Parents Spend More Time With Kids Today Than They Did 50 Years Ago

A new study may help ease some of your biggest parenting woes. 

Photo by William Abranowicz

Working moms and dads may feel guilty about not spending enough time with their kids, but a new study published in the Journal of Marriage and Family suggests they’re doing a better job than previous generations. In fact, parents across most Western countries are logging more family hours today than parents did in the 1960s, say researchers.

What’s more, time spent with kids was highest among parents with higher levels of education—a finding that was somewhat unexpected to the study authors.

To compare parents of today versus those of 50 years ago, researchers from the University of California, Irvine and Collegio Carlo Alberto in Italy looked at study data, collected in 1965 and 2012, on more than 122,000 mothers and fathers in Canada, the United Kingdom, the United States, Denmark, Norway, France, Germany, the Netherlands, Italy, Spain, and Slovenia.

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Each parent participating in the study completed a daily diary, indicating how much time he or she spent on interactive and routine child-care activities such as preparing meals, feeding and bathing, reading, playing, and helping kids with homework. The researchers selected one day at random from each diary to calculate their results. 

Their findings from all but one of the countries showed an increase in in the amount of time parents—both moms and dads—spent with kids. (France was the only outlier.)

In 1965, for example, mothers devoted an average of 54 minutes a day on child-care activities, compared to 104 minutes in 2012. Fathers’ time with children nearly quadrupled over the same period, from an average of 16 minutes a day to an average of 59.

Then the researchers separated the 2012 results into two categories: parents with a college education versus parents without. Somewhat surprisingly, they found that the former group spent more time with their kids than the latter. Moms and dads with degrees spent an average of 123 and 74 minutes with their kids per day, respectively, compared with 94 and 50 minutes for those with no education past high school.

“According to economic theory, higher wages should discourage well-educated parents from foregoing work to spend extra time with youngsters,” said co-author Judith Treas, PhD, UCI Chancellor’s Professor of sociology, in a press release. “Also, they have the money to pay others to care for their children.”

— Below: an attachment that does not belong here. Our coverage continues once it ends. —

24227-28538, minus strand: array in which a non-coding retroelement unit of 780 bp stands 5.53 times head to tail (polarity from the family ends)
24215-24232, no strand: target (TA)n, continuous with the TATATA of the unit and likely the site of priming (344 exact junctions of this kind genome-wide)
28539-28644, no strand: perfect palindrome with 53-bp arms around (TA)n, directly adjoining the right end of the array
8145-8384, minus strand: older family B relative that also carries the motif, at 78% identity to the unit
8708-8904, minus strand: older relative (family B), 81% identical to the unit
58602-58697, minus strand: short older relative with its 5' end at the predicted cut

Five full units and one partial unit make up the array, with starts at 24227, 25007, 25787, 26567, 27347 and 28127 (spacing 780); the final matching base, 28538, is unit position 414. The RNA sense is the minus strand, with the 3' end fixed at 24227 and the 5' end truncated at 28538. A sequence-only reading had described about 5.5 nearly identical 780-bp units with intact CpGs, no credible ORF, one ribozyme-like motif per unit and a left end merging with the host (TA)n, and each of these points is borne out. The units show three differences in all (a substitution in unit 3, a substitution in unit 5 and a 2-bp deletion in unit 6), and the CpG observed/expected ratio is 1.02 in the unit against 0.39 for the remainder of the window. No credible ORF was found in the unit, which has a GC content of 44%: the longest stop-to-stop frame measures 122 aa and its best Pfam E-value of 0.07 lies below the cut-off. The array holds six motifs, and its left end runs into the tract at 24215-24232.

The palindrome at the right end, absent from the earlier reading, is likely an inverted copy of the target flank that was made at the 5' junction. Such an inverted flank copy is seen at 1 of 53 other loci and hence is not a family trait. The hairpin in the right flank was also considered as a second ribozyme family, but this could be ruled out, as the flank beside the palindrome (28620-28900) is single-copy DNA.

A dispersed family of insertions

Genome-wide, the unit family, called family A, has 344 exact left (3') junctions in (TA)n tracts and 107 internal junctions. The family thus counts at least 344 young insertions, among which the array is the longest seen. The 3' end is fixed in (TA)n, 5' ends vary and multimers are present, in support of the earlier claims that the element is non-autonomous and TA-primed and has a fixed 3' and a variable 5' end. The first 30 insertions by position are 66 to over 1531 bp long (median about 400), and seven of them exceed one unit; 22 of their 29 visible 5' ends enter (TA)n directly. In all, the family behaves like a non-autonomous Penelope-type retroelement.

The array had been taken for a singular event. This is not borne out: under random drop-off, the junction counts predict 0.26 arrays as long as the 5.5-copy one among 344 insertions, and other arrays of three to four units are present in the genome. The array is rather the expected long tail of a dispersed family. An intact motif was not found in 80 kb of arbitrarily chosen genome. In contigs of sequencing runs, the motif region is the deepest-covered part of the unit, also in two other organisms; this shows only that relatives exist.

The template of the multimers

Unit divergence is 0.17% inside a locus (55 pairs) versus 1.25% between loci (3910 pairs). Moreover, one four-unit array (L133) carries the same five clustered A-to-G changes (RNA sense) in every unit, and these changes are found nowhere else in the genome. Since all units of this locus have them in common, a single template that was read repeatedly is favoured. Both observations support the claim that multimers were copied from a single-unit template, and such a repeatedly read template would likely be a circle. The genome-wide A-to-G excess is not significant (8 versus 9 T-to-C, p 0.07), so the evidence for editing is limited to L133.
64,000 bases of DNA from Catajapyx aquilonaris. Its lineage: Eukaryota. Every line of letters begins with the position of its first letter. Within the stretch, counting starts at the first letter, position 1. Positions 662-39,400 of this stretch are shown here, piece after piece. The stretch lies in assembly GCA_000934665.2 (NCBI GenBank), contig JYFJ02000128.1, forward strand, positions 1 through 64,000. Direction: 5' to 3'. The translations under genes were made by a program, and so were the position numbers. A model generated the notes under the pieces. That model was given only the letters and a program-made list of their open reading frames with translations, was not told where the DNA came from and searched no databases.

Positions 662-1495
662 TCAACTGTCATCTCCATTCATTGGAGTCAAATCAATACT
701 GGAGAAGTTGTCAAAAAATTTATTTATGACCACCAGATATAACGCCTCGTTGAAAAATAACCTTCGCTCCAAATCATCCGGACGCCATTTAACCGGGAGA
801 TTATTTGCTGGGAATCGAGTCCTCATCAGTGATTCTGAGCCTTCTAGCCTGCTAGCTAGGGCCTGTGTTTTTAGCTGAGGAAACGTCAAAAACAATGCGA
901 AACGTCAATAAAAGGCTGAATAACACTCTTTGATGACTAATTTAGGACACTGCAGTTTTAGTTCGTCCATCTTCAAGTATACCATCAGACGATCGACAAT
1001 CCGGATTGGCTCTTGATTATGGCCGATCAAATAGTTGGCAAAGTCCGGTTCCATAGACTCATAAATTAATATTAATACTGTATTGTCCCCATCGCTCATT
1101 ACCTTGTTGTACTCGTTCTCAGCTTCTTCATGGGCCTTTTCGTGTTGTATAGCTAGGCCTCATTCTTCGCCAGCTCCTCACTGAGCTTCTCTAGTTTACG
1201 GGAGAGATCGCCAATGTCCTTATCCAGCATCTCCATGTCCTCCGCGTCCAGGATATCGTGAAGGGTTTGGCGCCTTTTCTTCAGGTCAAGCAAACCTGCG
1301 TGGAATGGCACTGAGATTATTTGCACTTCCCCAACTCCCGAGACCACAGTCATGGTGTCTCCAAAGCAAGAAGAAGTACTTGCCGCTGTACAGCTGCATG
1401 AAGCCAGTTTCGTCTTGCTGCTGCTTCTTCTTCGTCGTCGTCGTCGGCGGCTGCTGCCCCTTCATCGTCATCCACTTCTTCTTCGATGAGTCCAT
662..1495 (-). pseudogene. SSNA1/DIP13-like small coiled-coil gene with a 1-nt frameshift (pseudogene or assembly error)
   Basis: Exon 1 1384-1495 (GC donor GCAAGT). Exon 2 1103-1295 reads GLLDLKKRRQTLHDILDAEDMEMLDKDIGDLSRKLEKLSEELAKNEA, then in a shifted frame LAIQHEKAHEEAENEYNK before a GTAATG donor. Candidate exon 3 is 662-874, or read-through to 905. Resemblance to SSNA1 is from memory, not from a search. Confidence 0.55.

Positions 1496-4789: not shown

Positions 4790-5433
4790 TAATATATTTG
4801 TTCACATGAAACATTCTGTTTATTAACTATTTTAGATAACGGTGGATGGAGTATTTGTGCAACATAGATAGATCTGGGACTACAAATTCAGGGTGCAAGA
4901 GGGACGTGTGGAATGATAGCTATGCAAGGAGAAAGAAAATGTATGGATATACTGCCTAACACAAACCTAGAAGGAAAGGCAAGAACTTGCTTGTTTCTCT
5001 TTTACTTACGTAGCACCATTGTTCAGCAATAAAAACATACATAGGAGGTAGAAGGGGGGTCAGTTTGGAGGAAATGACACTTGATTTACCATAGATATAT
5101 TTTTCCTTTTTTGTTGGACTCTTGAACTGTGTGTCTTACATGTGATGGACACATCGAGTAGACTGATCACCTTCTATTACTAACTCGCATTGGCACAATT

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Yet, the results do make sense in other ways: Highly educated parents are “more aware of the developmental payoffs to parental time with children,” the authors wrote, and “their intensive parenting practices confirm their privileged social status by differentiating them from parents in lower social classes.”

They also wrote that less educated parents may not have the resources to spend time with their children, as they may have to work longer hours for lower pay. 

Still, with the exception of France, time with kids increased across the board between 1965 and 2012. This shows that families of all income levels are recognizing the importance of regular parental presence on their children's mental, behavioral, and academic outcomes, Treas said. That’s especially true for dads, she added: “Contemporary fathers—having more egalitarian gender views—want to be more involved in their children’s lives than their own dads were."

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The authors aren’t sure why family time decreased in France while it increased elsewhere, but they think it may have something to do with the country’s high rate of public spending on child-care, which lightens the load of parental responsibility. “Some experts speculate that the French simply believe children can accommodate successfully without parents making big changes to their lifestyles,” Treas said.

The authors also noted that, while the benefits of more family time are clear for children, they are less black-and-white for parents. “Parents undoubtedly find children rewarding,” they wrote, but spending more time with them does introduce more challenges. Research shows that mothers and fathers are increasingly expected to do more at work and at home: Today’s supermoms are often tasked with being primary caregivers as they’re climbing the corporate ladder, while modern-day dads face social expectations about being the family breadwinner but also sharing housework and childcare duties.

In other words, they concluded, parents may have a hard time doing it all and doing it well—and they need supportive public programs and employer policies to make it happen.